Have you ever seen a speaker where everything seems to be going in their favor? The crowd is captivated and hanging on the speaker's every word. They bring you on a enjoyabale journey with their speech that is easy to digest. And afterward, you realize they've done one of the hardest feats of them all, moved you in some way. These are the end results of what makes great speakers so effective and powerful.
During our last ToastSpot meeting I had an epiphany. The veteran speakers of the group spoke with such ease, confidence and poise. Their stories were interesting and impactful. And this made me think, "how do they do that?" And that's when the differences that separated the good speakers from the became clear. Here, I'd like to share some of those traits that great speakers exhibit.
And remember, the speakers who look effortless on stage are usually the ones who have spent the most time crafting this talent. It's usually not a question of "when will this stuff become natural" but rather "how will this stuff become natural." Developing the plan to success is the first step toward action.
With that being said, let's talk about some of the qualities that expert speakers exhibit:
They have found their voice.
Have you ever witnessed a person that has great content, but when watching them something just doesn't seem right? Most people have. And that can be indicative that the presenter is still working to find their own voice.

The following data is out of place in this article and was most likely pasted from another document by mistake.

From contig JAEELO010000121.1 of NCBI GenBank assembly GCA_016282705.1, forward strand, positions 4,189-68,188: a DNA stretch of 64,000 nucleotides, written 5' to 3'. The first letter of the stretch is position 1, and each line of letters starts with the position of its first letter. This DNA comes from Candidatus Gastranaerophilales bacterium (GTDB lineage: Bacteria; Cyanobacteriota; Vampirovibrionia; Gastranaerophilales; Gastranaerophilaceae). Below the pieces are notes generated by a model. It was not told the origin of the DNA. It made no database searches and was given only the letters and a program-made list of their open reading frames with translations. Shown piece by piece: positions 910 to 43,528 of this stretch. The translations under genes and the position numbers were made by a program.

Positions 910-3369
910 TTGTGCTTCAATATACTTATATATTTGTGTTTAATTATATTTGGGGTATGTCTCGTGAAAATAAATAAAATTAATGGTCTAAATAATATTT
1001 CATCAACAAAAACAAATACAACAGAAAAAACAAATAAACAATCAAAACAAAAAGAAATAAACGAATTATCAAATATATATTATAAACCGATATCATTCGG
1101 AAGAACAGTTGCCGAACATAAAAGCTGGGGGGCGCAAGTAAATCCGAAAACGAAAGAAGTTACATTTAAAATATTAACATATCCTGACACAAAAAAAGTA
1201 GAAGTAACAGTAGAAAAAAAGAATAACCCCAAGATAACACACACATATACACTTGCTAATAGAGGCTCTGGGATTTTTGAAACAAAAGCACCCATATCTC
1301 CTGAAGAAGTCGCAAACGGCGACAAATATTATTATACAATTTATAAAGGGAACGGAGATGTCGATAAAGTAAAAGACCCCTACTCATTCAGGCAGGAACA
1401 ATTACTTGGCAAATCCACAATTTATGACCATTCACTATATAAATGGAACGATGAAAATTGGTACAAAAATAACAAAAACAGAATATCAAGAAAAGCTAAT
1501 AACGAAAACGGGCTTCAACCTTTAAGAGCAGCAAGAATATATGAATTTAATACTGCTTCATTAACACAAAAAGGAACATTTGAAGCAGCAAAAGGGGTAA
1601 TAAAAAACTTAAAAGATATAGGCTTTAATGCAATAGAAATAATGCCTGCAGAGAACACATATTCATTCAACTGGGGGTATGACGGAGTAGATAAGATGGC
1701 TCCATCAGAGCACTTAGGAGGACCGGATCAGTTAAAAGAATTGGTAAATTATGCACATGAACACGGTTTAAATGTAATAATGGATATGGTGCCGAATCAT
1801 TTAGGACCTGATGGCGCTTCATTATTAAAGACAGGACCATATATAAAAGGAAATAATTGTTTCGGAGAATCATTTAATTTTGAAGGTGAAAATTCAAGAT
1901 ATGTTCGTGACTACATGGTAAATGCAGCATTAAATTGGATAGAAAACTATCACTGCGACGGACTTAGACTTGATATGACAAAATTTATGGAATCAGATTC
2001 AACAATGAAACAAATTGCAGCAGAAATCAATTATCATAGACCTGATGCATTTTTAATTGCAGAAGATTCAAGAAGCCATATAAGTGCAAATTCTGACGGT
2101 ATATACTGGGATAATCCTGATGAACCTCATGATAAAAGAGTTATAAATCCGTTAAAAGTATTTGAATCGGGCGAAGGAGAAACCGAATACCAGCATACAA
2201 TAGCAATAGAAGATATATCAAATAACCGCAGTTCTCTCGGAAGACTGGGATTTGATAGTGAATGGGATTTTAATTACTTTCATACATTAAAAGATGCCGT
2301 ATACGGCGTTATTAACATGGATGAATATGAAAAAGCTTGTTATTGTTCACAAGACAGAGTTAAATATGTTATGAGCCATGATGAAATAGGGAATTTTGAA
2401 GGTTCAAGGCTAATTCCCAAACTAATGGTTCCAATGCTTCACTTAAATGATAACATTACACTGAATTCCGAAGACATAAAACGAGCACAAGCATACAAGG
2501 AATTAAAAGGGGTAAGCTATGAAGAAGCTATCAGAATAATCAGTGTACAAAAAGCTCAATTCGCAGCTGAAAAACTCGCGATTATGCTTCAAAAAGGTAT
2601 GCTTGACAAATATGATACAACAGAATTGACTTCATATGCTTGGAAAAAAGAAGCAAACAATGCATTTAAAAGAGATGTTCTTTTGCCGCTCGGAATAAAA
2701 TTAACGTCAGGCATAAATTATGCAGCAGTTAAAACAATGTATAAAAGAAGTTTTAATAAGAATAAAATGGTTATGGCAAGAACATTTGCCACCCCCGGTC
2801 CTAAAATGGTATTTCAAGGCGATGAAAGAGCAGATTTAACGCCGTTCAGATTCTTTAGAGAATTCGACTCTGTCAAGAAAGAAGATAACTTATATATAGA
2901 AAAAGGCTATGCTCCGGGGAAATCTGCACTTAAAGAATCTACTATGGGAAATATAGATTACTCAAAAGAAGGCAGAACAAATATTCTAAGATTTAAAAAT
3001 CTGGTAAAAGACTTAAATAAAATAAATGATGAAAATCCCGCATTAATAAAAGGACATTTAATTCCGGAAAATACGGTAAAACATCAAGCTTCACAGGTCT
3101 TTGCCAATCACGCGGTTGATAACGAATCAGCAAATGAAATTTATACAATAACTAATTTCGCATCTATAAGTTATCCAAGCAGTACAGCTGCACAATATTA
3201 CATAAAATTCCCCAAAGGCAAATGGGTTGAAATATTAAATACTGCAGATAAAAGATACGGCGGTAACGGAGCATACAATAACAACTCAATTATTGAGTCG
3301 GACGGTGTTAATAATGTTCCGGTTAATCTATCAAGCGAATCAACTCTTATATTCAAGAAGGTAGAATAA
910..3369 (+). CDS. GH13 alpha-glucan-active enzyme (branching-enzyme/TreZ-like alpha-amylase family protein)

It's not uncommon for a presenter who is just getting started to emulate the speakers they admire. They copy their language, movement or storytelling style - and this why some presenters just don't seem natural, because it's someone elses and not their own.
I fell victim to this in the beginning. Every time i would stand-up in front of others, I was visibly nervous. So much so, that I'm sure I made those who were watching me nervous as well (oops). But, as soon as I got less nervous (not quite "comfortable" yet) , I began trying to find and develop my "voice" or style. I wondered what would I look, sound and move like - and how would I build my own stories. After watching some incredible speakers like Susan Cain (former Toastmaster), Zig Ziglar and many TED speakers, I admired them so much, I began to emulate them. While this may have seemed like a great idea at the time, it resulted in many speeches feeling like patchwork quilts of expression. And not to mention, they was something just not completely right about them. After realizing something about this wasn't quite right, I was able to embrace who I am and my style of presenting.
While I may not be the epitome of quiet strength with poise and femininity, like Susan Cain - I did learn how to be true to myself when presenting, and that to me is priceless.
Want to learn how to develop your own style? Check out BigFish Presentations' blog for more tips developing charisma on stage.
They're fantastic storytellers.
Dale Carnegie once said, "When we are dealing with people, let us remember we are not dealing with creatures of logic. We are dealing with creatures of emotion, creatures bustling with prejudices and motivated by pride and vanity."
Seasoned speakers understand this and fill their presentation with passion, emotion and stories that are relatable and moving.
Whether you follow the "why, how, what" framework from Simon Sinek or Nancy Duarte's "what it is now, and what it can be" - or maybe one you've developed yourself, you use words to paint a beautiful picture in HD that moves your audience.